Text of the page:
25th June 2019
“Shipping has been a male dominated industry for years, but now times are changing. Women are coming to sea and they are proving themselves.”
London. UK. On the international Day of the Seafarer, the campaign theme of which is ‘I Am On Board with gender equality‘ driven by the 2019 World Maritime Day theme (Empowering Women in the Maritime Community), Human Rights at Sea publishes the updated story and case study of Electro Technical Officer, Amreen Bano; an Indian seafarer who is helping to lead the way to increased inclusion and acceptance of women at sea.
The case study outlines the underpinning of her Muslim faith, her immediate family support, her constant drive in the face of bias and adversity, including the challenges she has faced to achieve her qualifications and Certificate of Competence as the first and youngest female ETO in India, in a previously male-dominated industry.
The charity’s Founder, David Hammond, and researcher Sayedeh Hajar Hejazi, met with Amreen in Mumbai in February after the first ‘Human Rights at Sea’ seminar in India, facilitated by Mrs. Saleha Zubair of the Women’s Wing of the Maritime Union of India.
At that meeting, along with other female merchant marine Officers, it was clear that there was new line of thinking, of professional and personal focus to both achieve and re-balance the current gender imbalance at sea.
Human Rights at Sea first introduced the concept of ‘Gender at Sea’ in 2015.
The updated story and case study of Electro Technical Officer, Amreen Bano, an Indian seafarer who is helping to lead the way to increased inclusion and acceptance of women at sea.
Important Note to Readers
Human Rights at Sea continues to publish educational materials, publications, investigative case studies of individual and family testimony highlighting unacceptable conditions onboard vessels of all tonnages, as well as throughout the associated maritime supply chain, in order to establish greater public awareness of the issues raised without compromising our editorial freedom.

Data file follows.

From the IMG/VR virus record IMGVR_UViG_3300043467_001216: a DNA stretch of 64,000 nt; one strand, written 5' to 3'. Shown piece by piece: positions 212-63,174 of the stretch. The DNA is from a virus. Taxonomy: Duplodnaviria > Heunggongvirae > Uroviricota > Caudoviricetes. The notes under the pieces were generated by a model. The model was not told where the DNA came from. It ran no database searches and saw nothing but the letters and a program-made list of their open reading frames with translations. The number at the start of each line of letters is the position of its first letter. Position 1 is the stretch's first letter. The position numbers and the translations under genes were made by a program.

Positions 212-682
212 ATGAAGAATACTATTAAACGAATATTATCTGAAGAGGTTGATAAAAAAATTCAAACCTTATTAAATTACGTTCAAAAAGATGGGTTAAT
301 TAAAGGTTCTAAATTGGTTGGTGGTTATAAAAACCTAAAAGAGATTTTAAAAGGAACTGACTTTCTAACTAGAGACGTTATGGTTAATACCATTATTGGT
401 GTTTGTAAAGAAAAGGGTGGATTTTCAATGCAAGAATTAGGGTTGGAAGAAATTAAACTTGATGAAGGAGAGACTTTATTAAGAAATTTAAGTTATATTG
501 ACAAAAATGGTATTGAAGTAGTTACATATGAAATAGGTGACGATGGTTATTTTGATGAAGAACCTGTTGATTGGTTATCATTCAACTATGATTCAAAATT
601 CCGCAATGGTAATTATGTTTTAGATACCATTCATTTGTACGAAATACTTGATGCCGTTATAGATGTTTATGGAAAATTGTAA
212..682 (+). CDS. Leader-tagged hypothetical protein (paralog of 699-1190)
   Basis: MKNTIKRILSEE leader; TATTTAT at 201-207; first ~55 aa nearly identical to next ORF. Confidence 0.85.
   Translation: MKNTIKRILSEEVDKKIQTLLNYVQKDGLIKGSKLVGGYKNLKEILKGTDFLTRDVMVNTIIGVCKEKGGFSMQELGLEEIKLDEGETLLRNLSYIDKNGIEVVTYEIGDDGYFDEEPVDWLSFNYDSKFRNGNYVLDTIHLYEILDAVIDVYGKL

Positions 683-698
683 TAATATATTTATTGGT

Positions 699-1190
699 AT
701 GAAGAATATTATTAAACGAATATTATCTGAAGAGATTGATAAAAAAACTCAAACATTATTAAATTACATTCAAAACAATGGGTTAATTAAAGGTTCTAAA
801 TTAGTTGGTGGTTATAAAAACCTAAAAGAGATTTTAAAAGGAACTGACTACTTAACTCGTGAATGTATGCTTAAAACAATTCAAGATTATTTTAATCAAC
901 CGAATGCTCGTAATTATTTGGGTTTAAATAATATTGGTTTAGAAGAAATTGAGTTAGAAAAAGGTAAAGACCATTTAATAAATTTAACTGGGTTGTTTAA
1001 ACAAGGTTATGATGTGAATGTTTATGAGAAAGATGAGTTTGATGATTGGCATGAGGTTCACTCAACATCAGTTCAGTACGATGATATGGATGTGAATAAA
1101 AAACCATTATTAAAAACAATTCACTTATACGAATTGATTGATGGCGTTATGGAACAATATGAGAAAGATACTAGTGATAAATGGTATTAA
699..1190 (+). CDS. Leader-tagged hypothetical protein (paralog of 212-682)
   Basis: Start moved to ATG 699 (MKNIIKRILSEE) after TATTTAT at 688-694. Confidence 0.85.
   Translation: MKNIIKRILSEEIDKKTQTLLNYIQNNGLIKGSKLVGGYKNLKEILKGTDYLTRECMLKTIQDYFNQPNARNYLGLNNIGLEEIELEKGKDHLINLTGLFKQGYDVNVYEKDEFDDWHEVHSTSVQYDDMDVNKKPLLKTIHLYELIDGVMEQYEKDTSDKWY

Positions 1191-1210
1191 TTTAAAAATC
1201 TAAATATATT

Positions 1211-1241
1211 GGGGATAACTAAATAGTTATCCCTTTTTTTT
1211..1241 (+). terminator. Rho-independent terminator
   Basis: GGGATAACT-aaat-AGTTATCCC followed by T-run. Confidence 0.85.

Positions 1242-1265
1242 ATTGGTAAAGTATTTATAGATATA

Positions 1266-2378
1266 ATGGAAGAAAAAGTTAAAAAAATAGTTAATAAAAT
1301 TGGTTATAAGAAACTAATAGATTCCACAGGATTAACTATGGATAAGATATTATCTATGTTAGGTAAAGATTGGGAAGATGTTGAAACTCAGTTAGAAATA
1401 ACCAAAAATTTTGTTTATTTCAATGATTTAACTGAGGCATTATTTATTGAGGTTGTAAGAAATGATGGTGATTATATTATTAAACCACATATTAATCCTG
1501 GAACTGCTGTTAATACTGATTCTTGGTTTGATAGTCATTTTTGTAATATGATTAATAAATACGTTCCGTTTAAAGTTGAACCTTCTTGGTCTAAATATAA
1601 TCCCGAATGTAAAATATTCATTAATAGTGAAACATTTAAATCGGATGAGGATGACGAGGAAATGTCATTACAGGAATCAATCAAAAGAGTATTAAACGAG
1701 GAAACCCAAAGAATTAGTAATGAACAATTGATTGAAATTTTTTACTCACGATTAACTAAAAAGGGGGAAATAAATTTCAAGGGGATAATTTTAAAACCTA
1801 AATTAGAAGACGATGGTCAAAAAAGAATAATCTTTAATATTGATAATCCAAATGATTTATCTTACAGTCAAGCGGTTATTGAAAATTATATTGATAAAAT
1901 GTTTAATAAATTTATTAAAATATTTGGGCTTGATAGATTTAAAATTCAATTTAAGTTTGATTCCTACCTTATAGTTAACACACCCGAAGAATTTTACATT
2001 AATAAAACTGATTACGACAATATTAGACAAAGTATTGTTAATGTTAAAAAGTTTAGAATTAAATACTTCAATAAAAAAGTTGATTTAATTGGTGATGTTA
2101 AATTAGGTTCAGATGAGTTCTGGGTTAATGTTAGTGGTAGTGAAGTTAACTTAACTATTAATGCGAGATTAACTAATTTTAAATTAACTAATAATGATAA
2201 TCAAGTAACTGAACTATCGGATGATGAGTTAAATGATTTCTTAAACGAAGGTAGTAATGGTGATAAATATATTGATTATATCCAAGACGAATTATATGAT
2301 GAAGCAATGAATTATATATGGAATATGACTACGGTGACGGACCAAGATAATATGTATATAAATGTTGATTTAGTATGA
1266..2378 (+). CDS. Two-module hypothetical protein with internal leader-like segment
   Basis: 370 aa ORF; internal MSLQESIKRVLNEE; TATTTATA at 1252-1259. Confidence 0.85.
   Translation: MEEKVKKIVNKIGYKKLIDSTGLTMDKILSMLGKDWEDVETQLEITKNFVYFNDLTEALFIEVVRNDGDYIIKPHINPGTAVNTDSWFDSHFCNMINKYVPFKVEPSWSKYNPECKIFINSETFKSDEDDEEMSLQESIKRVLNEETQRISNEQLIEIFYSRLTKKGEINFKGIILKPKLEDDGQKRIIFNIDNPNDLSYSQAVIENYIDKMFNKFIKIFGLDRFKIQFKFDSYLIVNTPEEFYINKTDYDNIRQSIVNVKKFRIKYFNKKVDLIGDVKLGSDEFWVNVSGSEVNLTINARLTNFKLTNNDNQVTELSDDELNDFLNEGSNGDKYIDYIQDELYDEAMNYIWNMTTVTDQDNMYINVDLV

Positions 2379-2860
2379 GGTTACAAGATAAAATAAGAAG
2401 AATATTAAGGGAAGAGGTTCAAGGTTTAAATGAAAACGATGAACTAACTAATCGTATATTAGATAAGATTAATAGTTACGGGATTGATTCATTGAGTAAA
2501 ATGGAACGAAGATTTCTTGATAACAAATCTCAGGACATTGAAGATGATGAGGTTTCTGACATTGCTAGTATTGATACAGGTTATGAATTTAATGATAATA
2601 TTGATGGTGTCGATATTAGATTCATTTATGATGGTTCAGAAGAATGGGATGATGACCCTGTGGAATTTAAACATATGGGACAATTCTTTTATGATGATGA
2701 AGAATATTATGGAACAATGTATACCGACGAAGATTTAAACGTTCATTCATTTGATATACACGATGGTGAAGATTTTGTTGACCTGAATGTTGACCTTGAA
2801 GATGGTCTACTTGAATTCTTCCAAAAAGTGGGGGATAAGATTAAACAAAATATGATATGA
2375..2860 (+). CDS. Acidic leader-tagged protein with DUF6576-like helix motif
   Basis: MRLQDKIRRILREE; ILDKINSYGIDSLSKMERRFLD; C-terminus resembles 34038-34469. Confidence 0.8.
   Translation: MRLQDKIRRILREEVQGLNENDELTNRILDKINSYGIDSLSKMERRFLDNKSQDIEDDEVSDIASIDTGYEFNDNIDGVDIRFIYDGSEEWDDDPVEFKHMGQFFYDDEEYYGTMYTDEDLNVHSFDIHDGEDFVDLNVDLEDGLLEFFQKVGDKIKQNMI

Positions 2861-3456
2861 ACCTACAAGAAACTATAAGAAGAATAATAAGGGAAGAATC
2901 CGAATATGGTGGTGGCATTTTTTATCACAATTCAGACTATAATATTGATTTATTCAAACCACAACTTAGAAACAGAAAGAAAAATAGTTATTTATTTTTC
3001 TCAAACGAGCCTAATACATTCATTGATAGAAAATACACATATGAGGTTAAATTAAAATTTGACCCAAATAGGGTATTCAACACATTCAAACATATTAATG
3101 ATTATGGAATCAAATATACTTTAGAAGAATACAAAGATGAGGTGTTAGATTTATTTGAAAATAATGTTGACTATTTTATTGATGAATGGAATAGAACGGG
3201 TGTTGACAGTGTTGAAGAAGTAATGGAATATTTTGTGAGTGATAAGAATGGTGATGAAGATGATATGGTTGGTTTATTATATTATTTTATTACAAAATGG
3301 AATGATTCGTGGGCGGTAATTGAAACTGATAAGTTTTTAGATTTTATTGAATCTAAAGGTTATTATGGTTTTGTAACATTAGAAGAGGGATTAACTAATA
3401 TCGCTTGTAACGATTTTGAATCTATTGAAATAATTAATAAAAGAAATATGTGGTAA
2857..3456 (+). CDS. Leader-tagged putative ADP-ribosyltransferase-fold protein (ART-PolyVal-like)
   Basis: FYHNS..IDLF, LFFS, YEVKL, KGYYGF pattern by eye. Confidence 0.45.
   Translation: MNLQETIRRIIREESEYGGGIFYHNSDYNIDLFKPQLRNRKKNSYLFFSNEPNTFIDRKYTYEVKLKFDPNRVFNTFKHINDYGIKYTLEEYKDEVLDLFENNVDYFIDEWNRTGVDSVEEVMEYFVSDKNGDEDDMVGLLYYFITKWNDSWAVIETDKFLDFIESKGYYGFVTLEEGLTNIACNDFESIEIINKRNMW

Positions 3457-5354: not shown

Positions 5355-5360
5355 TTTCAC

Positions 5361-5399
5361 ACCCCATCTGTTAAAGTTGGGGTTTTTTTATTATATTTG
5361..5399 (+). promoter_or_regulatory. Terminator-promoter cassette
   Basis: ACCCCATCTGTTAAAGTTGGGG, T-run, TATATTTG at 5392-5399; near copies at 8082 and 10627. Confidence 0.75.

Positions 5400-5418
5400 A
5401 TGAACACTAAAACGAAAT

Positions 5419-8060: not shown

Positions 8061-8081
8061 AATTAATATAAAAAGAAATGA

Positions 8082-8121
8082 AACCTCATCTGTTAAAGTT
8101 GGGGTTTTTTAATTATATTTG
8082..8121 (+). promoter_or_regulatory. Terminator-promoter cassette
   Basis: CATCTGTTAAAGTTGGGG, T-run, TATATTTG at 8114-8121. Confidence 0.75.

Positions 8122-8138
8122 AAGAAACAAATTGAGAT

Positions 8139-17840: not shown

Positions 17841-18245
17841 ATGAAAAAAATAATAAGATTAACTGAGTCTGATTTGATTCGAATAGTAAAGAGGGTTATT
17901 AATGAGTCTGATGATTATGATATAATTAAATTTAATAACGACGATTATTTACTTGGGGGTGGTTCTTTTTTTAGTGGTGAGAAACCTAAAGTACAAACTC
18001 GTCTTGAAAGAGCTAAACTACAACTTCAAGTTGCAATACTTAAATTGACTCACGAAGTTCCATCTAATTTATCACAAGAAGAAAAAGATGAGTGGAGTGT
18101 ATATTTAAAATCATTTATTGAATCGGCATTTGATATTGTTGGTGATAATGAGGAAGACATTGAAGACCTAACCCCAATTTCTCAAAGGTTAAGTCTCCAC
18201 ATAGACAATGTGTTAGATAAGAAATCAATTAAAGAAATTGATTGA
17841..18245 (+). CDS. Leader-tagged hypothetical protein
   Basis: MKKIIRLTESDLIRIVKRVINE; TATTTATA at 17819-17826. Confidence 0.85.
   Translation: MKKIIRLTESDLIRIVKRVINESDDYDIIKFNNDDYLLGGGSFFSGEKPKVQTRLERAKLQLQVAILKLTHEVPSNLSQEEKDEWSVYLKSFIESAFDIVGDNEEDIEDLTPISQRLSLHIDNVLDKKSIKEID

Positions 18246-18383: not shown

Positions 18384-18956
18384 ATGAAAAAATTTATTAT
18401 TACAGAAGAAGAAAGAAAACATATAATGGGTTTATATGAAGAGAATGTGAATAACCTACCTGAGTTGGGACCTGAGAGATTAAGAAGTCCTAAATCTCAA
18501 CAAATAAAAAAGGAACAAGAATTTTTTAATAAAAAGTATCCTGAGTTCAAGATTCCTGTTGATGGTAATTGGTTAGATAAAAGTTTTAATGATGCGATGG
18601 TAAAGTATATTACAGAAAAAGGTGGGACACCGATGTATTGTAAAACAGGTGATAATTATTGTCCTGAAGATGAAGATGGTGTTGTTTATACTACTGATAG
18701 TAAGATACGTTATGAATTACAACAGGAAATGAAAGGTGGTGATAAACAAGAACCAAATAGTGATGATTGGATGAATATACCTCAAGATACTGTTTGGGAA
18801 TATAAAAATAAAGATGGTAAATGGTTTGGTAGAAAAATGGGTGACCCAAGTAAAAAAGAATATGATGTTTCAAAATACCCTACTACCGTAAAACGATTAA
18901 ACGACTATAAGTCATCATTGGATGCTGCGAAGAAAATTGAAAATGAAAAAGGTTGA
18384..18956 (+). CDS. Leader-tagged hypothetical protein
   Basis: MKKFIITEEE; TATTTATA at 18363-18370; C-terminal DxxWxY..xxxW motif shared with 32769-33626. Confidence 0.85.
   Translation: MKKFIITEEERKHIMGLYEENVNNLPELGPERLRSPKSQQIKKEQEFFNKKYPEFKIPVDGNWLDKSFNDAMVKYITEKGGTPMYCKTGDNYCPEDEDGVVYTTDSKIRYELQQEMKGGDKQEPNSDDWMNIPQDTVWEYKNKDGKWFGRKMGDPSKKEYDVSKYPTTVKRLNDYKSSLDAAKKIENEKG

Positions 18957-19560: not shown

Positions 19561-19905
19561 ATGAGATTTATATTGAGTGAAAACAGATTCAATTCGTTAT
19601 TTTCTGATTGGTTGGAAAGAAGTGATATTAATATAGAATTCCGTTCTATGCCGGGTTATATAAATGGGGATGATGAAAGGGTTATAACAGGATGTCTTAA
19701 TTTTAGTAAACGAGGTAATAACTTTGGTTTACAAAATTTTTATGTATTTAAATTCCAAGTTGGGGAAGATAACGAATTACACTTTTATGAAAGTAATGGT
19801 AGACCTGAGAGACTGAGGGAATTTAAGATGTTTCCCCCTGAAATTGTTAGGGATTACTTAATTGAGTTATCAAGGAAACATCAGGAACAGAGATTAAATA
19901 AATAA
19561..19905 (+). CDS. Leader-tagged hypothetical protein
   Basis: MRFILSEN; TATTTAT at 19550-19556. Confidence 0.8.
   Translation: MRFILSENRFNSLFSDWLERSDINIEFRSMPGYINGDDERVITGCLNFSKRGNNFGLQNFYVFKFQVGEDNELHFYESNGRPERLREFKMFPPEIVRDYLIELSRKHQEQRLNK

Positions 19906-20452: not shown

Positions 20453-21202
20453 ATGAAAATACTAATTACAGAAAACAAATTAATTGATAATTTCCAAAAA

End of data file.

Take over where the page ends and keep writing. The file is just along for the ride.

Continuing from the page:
The charity does not subscribe to any imposed protocols and agreements with other entities effectively limiting the ability to report freely and objectively disclose facts, including the reality of unacceptable labour and wider human rights abuses at sea.
The charity will therefore continue to take a legal and moral stand whenever and wherever it can to fairly advocate for the betterment of human rights, working conditions, and the reduction in abuse at sea. This includes pressing issues such as the criminalisation of seafarers and humanitarian rescuers, abuses towards migrants, impunity of flag States in transparently reacting to and addressing reported abuse, the expansion of the positive contributory role of civil society organisations in the maritime sector, and the provision of greater awareness of effective remedies when abuse occurs.
Our Ask in return
We rely on public and private donations to be able to continue this invaluable and independent work free of bias and interference and every donation, however small or large, goes to assure continuation of our transparent and objective front-end work ensuring that ‘human rights apply at sea, as they do on land’. Thank you.